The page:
LIFe Is StrAnger / by KR


Tinnitus
Originally uploaded by FotoRita.
This might be more a movie review than anything else, but there are certain parts of the movie that made me feel like I was watching my own life on the big screen. I watched Stranger Than Fiction and I am still laughing. It’s about an OCD tax auditor named Harold Crick, played by Will Ferrell who starts hearing the narration of his life out loud…and eventually finds out that he is a character in an author’s story, and he is about to be killed off.

Aside from the brilliance of the writing – I mean sheesh, this is a movie for any wannabe writer if ever there was one; Not to mention a great film for an English Lit. class or Rhetoric course. But there is this point in the film when Harold is meeting with an English Professor to find out what kind of story he is in. For as Harold says,
“I feel like a character in my own story.” One of the primary things Harold needs to find out is if he is in a comedy or a tragedy. Anyone who recalls reading Shakespeare in high school knows that in a tragedy, the hero dies, but in a comedy the hero lives happily with some lover. What does Harold do? He caries a notebook to mark the moments in life, especially with the love interests, when something comedic or tragic happens – usually as a result of him opening his big mouth. By the end of the scene the “tragedy” column is chock-full and Harold proclaims, “I think I am living in a tragedy.” Yeah, I know there are moments when I tally up the numbers and come to a similar conclusion. The trick, though, is that we are characters in some story and just because we see the shit storms before us, doesn’t necessarily mean the story is a tragedy. The irony of Harold’s statement – and thus the definition of irony – is that it's comical, and he doesn’t see how very funny the story he is in actually is. Yet, anybody who gets myopic enough, takes themselves too seriously will conclude that all life is a tragedy, too.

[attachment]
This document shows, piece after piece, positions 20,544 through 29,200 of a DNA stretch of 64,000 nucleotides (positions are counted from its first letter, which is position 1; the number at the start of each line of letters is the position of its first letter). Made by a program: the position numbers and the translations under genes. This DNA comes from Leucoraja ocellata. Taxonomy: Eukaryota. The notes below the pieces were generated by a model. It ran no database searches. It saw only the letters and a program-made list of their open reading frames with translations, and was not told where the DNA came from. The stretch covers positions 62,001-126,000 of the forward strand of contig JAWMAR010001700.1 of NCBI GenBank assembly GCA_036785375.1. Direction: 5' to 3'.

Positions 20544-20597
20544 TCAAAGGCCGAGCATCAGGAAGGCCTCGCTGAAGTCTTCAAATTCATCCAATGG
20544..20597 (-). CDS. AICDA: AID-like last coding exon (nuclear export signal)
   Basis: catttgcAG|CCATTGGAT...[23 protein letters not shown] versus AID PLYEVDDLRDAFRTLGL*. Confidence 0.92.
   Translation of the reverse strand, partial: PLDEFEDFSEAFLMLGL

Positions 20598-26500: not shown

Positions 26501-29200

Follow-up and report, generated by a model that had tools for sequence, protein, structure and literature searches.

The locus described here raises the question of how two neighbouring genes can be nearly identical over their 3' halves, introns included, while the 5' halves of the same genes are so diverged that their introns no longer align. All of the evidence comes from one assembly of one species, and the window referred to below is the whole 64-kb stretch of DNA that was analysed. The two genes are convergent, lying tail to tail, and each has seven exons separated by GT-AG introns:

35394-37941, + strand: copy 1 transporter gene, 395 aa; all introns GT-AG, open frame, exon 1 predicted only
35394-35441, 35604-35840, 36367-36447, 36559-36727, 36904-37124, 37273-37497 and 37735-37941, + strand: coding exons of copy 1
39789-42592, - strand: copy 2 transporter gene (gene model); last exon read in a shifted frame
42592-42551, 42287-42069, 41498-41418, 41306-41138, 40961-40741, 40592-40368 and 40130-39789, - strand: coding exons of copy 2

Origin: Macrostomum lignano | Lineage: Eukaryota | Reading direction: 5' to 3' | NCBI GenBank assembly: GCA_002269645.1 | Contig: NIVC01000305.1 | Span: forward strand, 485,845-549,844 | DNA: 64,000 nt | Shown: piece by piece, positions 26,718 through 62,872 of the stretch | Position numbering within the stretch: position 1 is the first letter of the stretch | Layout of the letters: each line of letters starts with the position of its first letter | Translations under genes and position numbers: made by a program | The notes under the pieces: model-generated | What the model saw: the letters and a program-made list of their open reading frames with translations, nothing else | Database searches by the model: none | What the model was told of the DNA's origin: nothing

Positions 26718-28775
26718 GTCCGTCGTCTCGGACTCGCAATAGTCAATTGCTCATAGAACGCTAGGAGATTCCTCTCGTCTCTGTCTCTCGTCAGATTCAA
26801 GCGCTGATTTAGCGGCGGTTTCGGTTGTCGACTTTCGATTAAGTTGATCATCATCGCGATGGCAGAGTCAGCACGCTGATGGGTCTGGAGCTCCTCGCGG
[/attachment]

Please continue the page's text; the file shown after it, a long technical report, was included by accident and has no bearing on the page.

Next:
Harold tries to figure out why the narrator of his life comes and goes, why there is silence at some points and why at others he can’t hear the person talking to him because the narrator is describing what he is thinking, as he thinks it. So, he consults the professor. Since the narration seems to come when he is doing something – or in other words, the plot thickens as he goes on with his life – the professor says, “Don’t do anything that may move the plot forward. Instead let’s see if the plot finds you.”

The result, Harold sits at home all day watching the Discovery channel – the channel that was left on when he fell asleep the night before – doesn’t answer the phone, doesn’t DO ANYTHING. It’s comical and painful to watch because it is very much the opposite of how I tend to live. I want to move the plot along…almost too eagerly. I want to find out where the story of my life is headed, so to wait for the plot to find me…well that’s torturous. All the same, the past few months feel very much like that. My life shifted in such a way that I could no longer “move the plot along” no matter how hard I tried. Now I, like Harold, find myself wondering if I have lost a few screws, but am reminded that sometimes it is better to let the plot find me. (Even though it is severely contrary to our American way of living).

Well, Harold’s “nothing” gets shattered when a Demolition Bucket crashes through his window, destroys half his apartment, and “steals” his TV in the process. As for me, nothing quite so loud, so utterly unexpected has come about just yet, and I still have all the walls to my apartment – though I never have owned a TV.

Since Harold has heard, early on, that he is going to die soon, he starts changing the way he lives his life. Stops wearing ties to work. Stops always counting numbers in his head. Forgets things. And chases the gal for whom he has the hots. I won’t spoil the rest of the film…you just have to see it.

I, on the other hand, only own two ties, and hardly wear them enough to recall how to put them on. I am dyslexic with numbers and thus nearly failed every math class in my life. And there are no gals I am chasing. As for the rest of the story, I still don’t know where it is going. If I look at my life as a tragedy, though, there is plenty of things current that would affirm it. Only, I laugh too much inside for me to only see tragedy. In a comedy, even the apparently tragic has a touch of humor in it.

There is a story. I am a character in it. There is a plot. And sometimes the Narrator tells me exactly what is going on. Other times there is silence. More though, I am found by the plot, not the other way around.